Here’s what current housing market conditions mean for the rest of 2021 - Movement Mortgage Blog

According to an August 2020 survey by Redfin of 1,000 people who were planning to buy a home within the next 12 months, 25% of respondents stated the pandemic caused them to want to move or speed up their moving timeline, and 17% indicated they were interested in looking for a less expensive home.

This increase in demand for homes caused listing prices to climb, and that trend has continued through the first four months of 2021, due to the pandemic-fueled desires of people wanting a new home coupled with continued low-interest rates.

“2021 will be defined by low-interest rates and low inventory, a perfect storm that will continue to push home prices higher,” said Tyler Forte, founder and CEO of Felix Homes. “For buyers, this means homes going under contract in days if not hours. It means multiple offer scenarios where you are up against five, 10, 15 or more competing offers.

“For sellers,” he continued, “low inventory will mean their home should sell pretty quickly and for a great price. The trouble is, once it sells where do you go? Home prices are high across the country so it’s not like you will be able to find a great deal by moving out of state.”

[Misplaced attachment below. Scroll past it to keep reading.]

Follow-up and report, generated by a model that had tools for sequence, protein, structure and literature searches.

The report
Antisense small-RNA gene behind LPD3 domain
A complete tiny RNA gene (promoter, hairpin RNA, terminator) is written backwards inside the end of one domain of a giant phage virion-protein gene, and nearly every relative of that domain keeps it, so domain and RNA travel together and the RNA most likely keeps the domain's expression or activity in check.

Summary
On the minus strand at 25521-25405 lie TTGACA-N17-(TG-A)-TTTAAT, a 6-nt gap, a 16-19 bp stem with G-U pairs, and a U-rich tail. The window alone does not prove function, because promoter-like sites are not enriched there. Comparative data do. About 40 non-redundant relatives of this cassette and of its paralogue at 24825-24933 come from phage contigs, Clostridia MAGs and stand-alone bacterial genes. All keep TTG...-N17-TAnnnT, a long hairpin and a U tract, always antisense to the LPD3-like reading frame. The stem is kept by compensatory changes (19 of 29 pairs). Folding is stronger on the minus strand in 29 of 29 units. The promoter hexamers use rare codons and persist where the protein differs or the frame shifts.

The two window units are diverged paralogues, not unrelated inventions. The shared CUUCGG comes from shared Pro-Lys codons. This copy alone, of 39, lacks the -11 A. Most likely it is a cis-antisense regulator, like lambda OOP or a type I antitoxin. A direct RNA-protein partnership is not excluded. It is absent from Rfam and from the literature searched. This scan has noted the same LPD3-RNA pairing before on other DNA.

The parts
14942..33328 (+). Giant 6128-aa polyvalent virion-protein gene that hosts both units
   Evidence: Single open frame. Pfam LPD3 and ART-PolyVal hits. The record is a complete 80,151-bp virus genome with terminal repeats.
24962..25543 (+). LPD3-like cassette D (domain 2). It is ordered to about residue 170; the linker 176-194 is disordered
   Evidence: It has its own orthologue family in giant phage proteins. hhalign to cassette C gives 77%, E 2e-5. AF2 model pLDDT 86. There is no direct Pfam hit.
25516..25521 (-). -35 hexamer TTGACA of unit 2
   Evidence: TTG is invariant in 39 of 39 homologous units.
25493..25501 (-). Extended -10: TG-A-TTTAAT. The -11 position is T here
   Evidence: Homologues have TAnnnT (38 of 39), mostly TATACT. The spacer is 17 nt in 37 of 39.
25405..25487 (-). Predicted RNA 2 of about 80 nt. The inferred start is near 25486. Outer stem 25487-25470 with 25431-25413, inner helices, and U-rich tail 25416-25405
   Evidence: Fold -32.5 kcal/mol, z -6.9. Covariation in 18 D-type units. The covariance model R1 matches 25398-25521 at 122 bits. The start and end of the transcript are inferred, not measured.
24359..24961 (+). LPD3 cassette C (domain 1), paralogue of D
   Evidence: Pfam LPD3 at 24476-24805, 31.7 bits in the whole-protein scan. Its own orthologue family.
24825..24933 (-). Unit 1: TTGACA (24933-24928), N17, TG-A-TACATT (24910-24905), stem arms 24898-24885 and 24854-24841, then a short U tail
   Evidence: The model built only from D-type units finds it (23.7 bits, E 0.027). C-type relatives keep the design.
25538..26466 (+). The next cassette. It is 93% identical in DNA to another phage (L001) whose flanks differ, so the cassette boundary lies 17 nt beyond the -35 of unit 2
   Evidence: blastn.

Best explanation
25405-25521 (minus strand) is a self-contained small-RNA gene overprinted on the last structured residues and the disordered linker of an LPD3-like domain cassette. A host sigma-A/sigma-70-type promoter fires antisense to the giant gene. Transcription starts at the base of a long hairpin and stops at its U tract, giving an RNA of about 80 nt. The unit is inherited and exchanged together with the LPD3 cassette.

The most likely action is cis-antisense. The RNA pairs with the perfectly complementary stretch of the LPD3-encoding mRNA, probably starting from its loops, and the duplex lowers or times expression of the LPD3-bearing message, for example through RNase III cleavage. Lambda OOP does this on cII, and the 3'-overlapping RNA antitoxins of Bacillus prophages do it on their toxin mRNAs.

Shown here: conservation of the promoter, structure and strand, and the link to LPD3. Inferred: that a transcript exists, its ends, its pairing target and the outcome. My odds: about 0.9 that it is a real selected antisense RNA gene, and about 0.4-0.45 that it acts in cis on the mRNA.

Here’s more on what the housing market looks like so far this year, and what will happen next:

    • Interest rates will remain relatively low 
    • Home inventory will increase
    • It will remain a seller’s market
    • Home prices will continue to climb
    • Lumber prices will remain high

To learn more, read the full article on Yahoo Finance.

How borrower education can make housing more attainable

As reported by HousingWire, today’s U.S. housing market is leaving many prospective homebuyers priced out. Homes, on average, have become less affordable, and the ones that are affordable are in short supply. As a result, 55% of future homebuyers believe that homeownership is out of reach for them financially, according to recent Fannie Mae research.

 

However, while affordability and supply constraints have weighed on many prospective homebuyers, homeownership education has the power to help people prepare for the homebuying process and successful homeownership. As an industry, we have an opportunity to dispel mortgage qualification misconceptions that prospective homebuyers have and, at the same time, educate housing professionals about ways to better meet their needs.

Future homebuyers were asked to demonstrate their knowledge of the mortgage process and the affordable options available. Among respondents, 73% were unaware of lower down payment options that range from 3% to 5% of a home’s purchase price.

This is an important realization, considering that 31% cited not being able to come up with a down payment as one of the key challenges holding them back from homeownership. These findings align with a 2018 Fannie Mae survey in which many of the 3,000 respondents overestimated the minimum credit score and down payment necessary to qualify for a mortgage, and remained unfamiliar with low down payment programs.